Has The Happy Kid Handbook by Katie Hurley, LCSW been sitting on your reading list? Pick up the key ideas in the book with this quick summary.
The world is full of advice on how to raise children: Just watch Supernanny, read about rigorous “Tiger Moms” or ask any harassed parents on the receiving end of unsolicited advice. The problem is that everyone tells you something different. And while you’re trying to figure out who’s right, you forget about consulting the world’s greatest expert on your child’s needs: your child.
Of course, this doesn’t mean that you should give in to your child’s every wish. But as you’ll learn from this book summary, the first step toward raising your child to be happy and confident is to listen to her and encourage her to explore and express her emotions. If you tune in to your little one, she will teach you how she needs to be raised.
This book summary will also delve into the benefits of play and explain how you can help your child to cope with today’s immensely stressful world.
In this summary of The Happy Kid Handbook by Katie Hurley, LCSW,And you’ll discover
- why it’s better for your children if you don’t try to be fair all the time;
- how to help an exuberant child to relax; and
- about a scary Easter bunny.
The Happy Kid Handbook Key Idea #1: Cookie-cutter approaches won’t help you raise your unique child.
Say you’ve got two adorable kids – one girl and one boy. You love them both to bits and take great care to share your love fairly. You’re diligent about dividing your attention equally between them and never cuddle one child without cuddling the other. So why is it that your son is so distant when you talk to him, and why does he squirm out of your hugs so often?
It could be because you aren’t meeting his needs in the right way. The reality is that different kids have different needs. It’s your responsibility as a parent to raise your children in accordance with their personalities.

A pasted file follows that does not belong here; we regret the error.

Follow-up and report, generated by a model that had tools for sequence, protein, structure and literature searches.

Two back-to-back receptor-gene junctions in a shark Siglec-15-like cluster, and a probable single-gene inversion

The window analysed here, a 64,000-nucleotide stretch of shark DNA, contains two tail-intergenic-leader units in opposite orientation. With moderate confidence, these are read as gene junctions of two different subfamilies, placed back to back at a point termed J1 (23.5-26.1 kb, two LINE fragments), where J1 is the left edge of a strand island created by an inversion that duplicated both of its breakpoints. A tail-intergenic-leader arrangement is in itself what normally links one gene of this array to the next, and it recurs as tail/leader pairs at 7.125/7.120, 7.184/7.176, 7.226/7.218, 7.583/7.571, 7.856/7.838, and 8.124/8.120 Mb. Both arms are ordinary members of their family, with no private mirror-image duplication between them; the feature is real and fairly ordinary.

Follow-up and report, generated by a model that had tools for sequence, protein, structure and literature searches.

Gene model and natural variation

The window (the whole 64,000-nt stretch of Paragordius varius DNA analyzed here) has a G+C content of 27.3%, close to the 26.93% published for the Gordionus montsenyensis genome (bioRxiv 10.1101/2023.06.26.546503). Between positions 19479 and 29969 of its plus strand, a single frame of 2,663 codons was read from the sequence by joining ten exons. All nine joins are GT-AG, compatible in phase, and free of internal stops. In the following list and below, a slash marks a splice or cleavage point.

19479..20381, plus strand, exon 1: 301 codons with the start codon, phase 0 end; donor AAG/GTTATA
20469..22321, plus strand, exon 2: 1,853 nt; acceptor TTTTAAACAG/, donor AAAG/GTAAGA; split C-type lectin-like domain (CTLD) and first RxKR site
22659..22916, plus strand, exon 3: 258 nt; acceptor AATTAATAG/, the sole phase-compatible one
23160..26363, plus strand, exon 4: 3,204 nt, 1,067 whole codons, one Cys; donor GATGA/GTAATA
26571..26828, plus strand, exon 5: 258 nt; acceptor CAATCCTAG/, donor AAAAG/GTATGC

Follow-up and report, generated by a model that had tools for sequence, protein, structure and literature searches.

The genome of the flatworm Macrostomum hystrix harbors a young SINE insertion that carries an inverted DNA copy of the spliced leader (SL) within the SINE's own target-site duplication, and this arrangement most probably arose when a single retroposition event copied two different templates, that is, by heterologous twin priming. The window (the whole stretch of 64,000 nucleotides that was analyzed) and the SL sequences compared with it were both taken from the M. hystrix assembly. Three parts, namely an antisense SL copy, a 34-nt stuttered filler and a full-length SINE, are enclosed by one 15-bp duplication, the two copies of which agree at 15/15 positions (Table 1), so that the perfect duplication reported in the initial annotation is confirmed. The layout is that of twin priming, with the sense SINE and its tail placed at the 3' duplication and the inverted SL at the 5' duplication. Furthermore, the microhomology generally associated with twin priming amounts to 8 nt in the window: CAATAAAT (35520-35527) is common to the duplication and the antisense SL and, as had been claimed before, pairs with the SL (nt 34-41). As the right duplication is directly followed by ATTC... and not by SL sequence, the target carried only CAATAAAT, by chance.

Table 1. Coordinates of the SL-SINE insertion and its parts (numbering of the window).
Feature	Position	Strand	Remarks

It’s possible, for instance, that your son doesn’t need lots of interaction and physical affection to be happy. Your daughter, on the other hand, craves stimulation and wants to engage with you all day long. By spending lots of time chatting to your daughter and less with your son, you aren’t being unfair. Quite the opposite – you’re ensuring each of your unique kids is equally happy.
In keeping with this, you’ll need to respect your child’s wishes and needs, even if it means they don’t match yours.
A very sociable parent who puts lots of time and effort into throwing a huge birthday party for their kid might be disappointed to see their child hiding in their bedroom, overwhelmed by all the noisy kids crowding the living room. But even if your child’s needs surprise you, you must respect them. After all, it’s not your child’s job to fulfill your expectations. So do your best to embrace every aspect of their character.
In short, there’s no place for a one-size-fits-all approach in child-raising. Children are unique, and it’s vital that you respect their needs. And how do you do this? By learning about them!
The Happy Kid Handbook Key Idea #2: Introverted kids need gentle encouragement and a safe space to share their feelings.
When it comes to temperament, nothing’s black or white – we’ve all got a mixture of both extroverted and introverted traits. Still, some children lean strongly toward introversion. Perhaps they love to disappear into their daydreams or tend to retreat to their bedrooms to reenergize alone. Raising introverted children comes with challenges, but keeping two strategies in mind will help.